Our family has since then moved throughout the world and we pride ourselves on our multicultural background. In the early 1900s, Wilheim Keller emigrated from Switzerland to Mexico to build the first hydroelectric plant. Soon after, he fell in love with a beautiful woman and established his home in Mexico City. His grandson, Arturo Keller, the founder of Keller Estate, worked for many years as a supplier to the automotive industry. His greatest passions are vintage automobiles and searching for elegance, class and perfection in everything he does. In the late 1970s, his passion took him to the San Francisco Bay area, a hub for car collectors. As he drove his treasured vehicles through the winding roads and windy hills of Sonoma, he came across a large ranch for sale in Petaluma. He was instantly taken aback with the views and the land. He made this his home in a piece of property across from the Russian River in 1983 alongside his wife Deborah. Recognizing that the land was wonderful for growing cooler weather varietals, Arturo and Deborah planted our first Chardonnay vineyard in 1989. The grapes were sold for many vintages to Rombauer, who found that the minerality and depth of flavors of our Chardonnay contributed to their wines in a beautiful way.
In 1998, Ana Keller, Arturo’s daughter, joined him in the exciting and daunting venture of building a winery and creating Keller Estate. Ana first fell in love with the craft of winemaking early in life when she spent several holidays in the Loire Valley, harvesting grapes from the vineyards. Ana holds a degree in Biopharmaceutical Chemistry from the University of Mexico and a Masters in Pharmaceutical development from King’s College London. London was critical to Ana’s passion for wine because it was there that she first took her formal tasting lessons.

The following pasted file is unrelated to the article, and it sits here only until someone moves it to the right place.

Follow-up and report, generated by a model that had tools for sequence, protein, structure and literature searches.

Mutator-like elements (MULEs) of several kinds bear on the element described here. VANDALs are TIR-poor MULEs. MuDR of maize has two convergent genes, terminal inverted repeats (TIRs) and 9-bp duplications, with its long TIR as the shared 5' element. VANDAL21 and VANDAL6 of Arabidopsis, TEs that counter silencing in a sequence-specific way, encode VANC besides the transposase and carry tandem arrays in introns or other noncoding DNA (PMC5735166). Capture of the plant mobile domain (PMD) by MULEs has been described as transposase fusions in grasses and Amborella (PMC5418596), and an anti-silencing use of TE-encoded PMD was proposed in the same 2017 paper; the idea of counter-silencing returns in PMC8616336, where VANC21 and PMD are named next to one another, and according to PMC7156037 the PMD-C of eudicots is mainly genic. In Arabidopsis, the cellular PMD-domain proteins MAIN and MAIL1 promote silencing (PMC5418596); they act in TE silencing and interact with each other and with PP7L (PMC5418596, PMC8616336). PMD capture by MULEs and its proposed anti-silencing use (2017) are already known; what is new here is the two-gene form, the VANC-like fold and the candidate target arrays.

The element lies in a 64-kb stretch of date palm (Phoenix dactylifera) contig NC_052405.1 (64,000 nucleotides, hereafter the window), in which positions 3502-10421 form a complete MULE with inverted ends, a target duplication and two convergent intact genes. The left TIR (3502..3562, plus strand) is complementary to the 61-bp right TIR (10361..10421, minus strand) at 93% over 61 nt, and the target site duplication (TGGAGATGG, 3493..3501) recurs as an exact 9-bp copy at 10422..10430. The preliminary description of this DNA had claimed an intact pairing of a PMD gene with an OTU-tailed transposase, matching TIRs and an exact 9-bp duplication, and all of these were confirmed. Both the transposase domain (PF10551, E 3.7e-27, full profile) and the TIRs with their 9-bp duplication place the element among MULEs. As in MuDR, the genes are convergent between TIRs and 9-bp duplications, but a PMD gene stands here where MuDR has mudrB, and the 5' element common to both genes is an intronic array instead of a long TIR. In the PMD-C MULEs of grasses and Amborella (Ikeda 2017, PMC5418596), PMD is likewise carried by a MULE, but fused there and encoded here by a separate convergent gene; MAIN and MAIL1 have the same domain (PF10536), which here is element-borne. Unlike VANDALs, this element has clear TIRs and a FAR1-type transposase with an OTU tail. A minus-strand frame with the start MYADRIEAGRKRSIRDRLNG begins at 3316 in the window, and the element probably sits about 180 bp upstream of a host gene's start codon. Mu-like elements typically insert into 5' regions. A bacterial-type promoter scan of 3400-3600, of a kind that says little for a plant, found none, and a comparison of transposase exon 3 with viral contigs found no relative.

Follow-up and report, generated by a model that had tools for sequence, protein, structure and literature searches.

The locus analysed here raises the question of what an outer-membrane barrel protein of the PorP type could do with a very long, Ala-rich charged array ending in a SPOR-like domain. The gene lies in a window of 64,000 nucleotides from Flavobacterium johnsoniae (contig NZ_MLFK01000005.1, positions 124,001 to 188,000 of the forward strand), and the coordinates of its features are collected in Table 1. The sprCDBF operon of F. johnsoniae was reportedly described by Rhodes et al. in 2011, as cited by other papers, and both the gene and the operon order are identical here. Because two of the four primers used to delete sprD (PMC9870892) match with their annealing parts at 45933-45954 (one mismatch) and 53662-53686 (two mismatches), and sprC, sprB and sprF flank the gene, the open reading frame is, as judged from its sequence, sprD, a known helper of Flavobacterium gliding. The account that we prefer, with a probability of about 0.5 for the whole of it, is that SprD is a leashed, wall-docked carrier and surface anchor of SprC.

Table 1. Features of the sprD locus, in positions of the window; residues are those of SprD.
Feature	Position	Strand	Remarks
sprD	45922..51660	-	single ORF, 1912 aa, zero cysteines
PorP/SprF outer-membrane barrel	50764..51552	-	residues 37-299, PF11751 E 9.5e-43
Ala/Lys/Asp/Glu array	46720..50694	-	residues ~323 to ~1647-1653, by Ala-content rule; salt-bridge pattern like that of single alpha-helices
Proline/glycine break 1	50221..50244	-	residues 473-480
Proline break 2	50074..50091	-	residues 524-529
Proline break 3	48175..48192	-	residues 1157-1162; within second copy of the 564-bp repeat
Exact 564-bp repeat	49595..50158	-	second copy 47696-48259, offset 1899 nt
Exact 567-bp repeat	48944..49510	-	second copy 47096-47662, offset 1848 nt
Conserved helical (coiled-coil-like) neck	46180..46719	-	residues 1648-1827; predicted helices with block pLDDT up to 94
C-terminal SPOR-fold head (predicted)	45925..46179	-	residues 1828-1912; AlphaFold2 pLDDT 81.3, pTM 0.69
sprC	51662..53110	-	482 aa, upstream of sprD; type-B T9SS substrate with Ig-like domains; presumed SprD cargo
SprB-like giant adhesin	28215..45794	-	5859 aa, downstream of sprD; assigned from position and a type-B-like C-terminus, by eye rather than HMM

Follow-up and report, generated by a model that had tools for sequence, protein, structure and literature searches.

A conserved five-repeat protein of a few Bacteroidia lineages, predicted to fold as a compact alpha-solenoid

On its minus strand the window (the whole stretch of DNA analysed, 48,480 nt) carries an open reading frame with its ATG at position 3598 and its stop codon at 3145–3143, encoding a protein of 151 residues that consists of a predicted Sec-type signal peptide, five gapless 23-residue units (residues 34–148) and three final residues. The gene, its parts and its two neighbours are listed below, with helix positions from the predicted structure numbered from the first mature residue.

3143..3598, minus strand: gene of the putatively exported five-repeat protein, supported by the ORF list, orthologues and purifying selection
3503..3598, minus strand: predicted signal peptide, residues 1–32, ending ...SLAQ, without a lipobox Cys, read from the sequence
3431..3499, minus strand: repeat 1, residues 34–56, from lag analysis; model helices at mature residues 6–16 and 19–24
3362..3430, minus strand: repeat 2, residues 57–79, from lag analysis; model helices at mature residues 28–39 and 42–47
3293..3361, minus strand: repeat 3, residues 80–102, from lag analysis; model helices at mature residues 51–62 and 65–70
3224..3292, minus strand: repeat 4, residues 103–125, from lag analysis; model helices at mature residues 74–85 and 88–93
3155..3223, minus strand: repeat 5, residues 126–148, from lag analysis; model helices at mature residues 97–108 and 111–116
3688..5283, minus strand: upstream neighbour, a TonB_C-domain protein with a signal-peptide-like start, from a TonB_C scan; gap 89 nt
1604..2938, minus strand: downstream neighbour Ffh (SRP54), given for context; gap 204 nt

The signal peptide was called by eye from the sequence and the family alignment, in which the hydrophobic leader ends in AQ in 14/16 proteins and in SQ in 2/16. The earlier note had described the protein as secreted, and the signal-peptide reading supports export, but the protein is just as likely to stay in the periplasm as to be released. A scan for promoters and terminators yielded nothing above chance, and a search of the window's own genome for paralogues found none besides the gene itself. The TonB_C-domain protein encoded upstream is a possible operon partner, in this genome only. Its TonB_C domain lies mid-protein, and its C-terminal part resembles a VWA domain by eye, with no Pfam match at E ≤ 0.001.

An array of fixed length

In 2000, Keller Estate was established and we released our first vintage in 2001. Alongside Ted Lemon, the Keller Family worked at making the vineyards exceptional and designed a winery emphasizing elements of ease of flow and gravity flow to preserve the delicate flavors in the wine. The winery, designed by Ricardo Legorreta, an exceptional Mexican Architect, was completed in 2003 and is among the most beautiful wineries in Sonoma.
AZ, CA, CO, CT, DC, FL, GA, ID, IN, IA, KS, LA, ME, MD, MA, MI, MN, MO, MT, NE, NV, NH, NJ, NM, NY, NC, ND, OH, OK, OR, PA, SC, TN, TX, VT, VA, WA, WV, WI, WY
@klezman@rjquillin@ttboy23 oh lol I did not realize. I was just commenting on the thread I saw familiar names in I just woke up and should pay more attention!
I’m in MI so that would be difficult to trade…
Luck. Blessing. Fortune. Whatever you call it, I had it this week as @WCCWineGirl (thanks!) reached out and said she’d be sending something my way. UPS did the responsible thing and delivered early in the day (shocked thanks to the new driver), and that allowed me to let the bottle settle a full day before opening. Additional thanks to @winedavid49 to getting this for us.
I’m just going to kind of dump my notes rather than try and sort them out, so apologies in advance. Cork: moderate staining to 1/16”/2mm with a note about zero carbon footprint
Color: Deep, rich garnet, something like PMS194